The headline on the Politico.com post jumped right out at me: "Silicon Valley: D.C. doesn't get tech." It was a statement I'd said to myself many times during a stint in Washington few years ago. I anxiously clicked on the piece.
It hit the points I expected it to. It referenced the lack of knowledge inside the Beltway about things like Facebook and Twitter and even cloud computing. It suggested that lawmakers spend little time on the Internet and don't understand it. It spoke of important tech-related legislation being stalled on Capitol Hill for various reasons. Here's an excerpt:
While lawmakers often speak nebulously about the promise of technology, some of the field’s unsexy dilemmas persist. For example, a bill to inventory wireless spectrum — the frequencies that allow cell phones to transmit data —is stuck in the Senate. Much-anticipated patent reforms remain on the sidelines, tech research bills are mired in deficit politics and efforts to upgrade decades-old e-mail subpoena rules move at a snail mail’s pace.
As a Silicon Valley native, I read through the Politico story nodding my head, as if to say "Yup. This is what I was talking about." But then I got to the tail end of the story, where I read some words that stopped me in my tracks and introduced me to another way to think about the disconnect between Washington and Silicon Valley.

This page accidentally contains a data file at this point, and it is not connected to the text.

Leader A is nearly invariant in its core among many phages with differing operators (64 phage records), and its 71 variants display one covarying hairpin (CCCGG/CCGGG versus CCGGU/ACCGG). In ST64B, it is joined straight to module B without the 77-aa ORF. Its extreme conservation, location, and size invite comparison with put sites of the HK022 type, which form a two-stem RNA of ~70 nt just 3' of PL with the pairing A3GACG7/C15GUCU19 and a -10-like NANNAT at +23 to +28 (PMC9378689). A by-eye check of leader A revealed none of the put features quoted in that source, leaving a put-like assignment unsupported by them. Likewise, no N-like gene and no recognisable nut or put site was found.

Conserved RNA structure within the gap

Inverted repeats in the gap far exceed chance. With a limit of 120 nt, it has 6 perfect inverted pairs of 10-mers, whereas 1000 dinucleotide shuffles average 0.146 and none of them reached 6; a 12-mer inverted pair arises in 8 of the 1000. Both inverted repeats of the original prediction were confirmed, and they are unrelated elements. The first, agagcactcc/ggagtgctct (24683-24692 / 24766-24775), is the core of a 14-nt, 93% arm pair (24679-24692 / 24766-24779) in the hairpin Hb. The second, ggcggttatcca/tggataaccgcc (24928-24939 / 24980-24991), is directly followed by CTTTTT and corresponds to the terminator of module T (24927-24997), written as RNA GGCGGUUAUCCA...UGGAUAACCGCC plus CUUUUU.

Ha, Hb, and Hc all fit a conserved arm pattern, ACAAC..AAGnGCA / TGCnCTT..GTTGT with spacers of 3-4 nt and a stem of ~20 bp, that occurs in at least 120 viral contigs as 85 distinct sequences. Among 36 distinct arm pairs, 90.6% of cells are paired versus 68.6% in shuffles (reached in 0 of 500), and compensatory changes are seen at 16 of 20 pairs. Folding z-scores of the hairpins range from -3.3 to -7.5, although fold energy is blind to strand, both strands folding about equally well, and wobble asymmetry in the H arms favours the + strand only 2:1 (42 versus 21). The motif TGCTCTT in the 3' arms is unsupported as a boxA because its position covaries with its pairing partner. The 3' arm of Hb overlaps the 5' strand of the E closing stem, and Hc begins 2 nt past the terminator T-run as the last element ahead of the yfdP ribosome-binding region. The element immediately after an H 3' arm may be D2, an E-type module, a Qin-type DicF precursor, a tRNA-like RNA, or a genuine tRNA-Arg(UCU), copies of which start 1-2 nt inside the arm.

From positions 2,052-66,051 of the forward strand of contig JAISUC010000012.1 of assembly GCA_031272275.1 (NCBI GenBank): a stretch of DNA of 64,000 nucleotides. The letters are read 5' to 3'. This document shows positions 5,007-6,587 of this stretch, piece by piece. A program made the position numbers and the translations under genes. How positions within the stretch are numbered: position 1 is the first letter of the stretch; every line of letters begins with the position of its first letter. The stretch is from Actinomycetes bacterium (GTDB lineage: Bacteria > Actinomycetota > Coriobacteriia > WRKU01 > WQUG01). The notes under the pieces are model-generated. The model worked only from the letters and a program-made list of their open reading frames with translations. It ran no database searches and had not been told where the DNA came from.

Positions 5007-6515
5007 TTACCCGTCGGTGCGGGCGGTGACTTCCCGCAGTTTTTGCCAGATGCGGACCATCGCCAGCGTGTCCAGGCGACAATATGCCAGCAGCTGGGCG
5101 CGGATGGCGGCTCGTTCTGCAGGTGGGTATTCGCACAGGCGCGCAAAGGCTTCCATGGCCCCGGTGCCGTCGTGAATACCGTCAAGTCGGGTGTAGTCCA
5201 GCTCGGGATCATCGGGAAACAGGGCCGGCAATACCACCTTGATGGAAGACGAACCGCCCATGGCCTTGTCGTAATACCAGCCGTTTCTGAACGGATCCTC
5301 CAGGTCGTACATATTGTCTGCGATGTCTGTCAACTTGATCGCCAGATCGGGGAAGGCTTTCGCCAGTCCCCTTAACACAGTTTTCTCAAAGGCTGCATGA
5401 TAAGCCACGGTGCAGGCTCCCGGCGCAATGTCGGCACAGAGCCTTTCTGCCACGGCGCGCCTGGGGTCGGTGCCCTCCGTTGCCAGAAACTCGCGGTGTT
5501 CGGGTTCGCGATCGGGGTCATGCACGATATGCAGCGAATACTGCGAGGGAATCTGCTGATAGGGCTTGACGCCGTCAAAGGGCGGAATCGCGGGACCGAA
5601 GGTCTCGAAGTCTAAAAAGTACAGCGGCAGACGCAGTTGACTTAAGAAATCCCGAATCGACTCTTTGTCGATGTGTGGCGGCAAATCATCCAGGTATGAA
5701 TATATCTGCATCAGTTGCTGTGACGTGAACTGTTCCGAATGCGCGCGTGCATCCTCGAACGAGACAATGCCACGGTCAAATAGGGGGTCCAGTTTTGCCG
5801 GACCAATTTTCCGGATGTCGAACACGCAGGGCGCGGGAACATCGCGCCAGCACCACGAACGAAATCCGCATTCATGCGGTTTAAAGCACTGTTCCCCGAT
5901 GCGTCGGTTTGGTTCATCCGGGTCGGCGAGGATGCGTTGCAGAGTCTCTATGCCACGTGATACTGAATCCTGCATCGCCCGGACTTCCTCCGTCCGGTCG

Sure, it's easy to poke fun at Sen. Ted Stevens, who spoke the famous "series of tubes" rant in an effort to explain the Internet. But we techies also forget about the time that Google co-founder Sergey Brin popped in on some Washington folks without an appointment, dressed in jeans and sneakers. Tourists have received warmer welcomes.
That's when I realized that this could be more than just a case of Washington not understanding Silicon Valley. This could be a case of Silicon Valley being naive to the ways of Washington. I know I was. From the Politico post:
...delay is not necessarily attributable to lawmakers’ level of expertise... it is the sad byproduct of a legislative process that moves slowly — at least, when compared to that of the tech community. “The Constitution didn’t envision laws being made at the pace of technological change,” said (Zoe) Lofgren (D-Calif), whose district includes part of the valley. “And often times that’s not a bad thing.” Some in Washington say it is, in fact, Silicon Valley that should learn to live with the realities of policymaking. “I’ve never really heard a member of Congress say technology is not important; I’ve heard a lot of tech leaders say, ‘I don’t need politics, I don’t need Washington, policy is going to hurt us,’” (Jim) Dempsey (of the Center for Democracy and Technology) said...
Like Dempsey, I've also heard those same statements mumbled, too. Many times.
Clearly, that's not how the game is played, though. Technology companies do need Washington. Their executives do have to play politics. And, yes, they'll need to bring in some lobbying power to help shape policy.
It doesn't help that folks in Washington continue to struggle with the issues that influence technology. But it also doesn't help that techies don't understand that not everything in the world happens at 4G speed.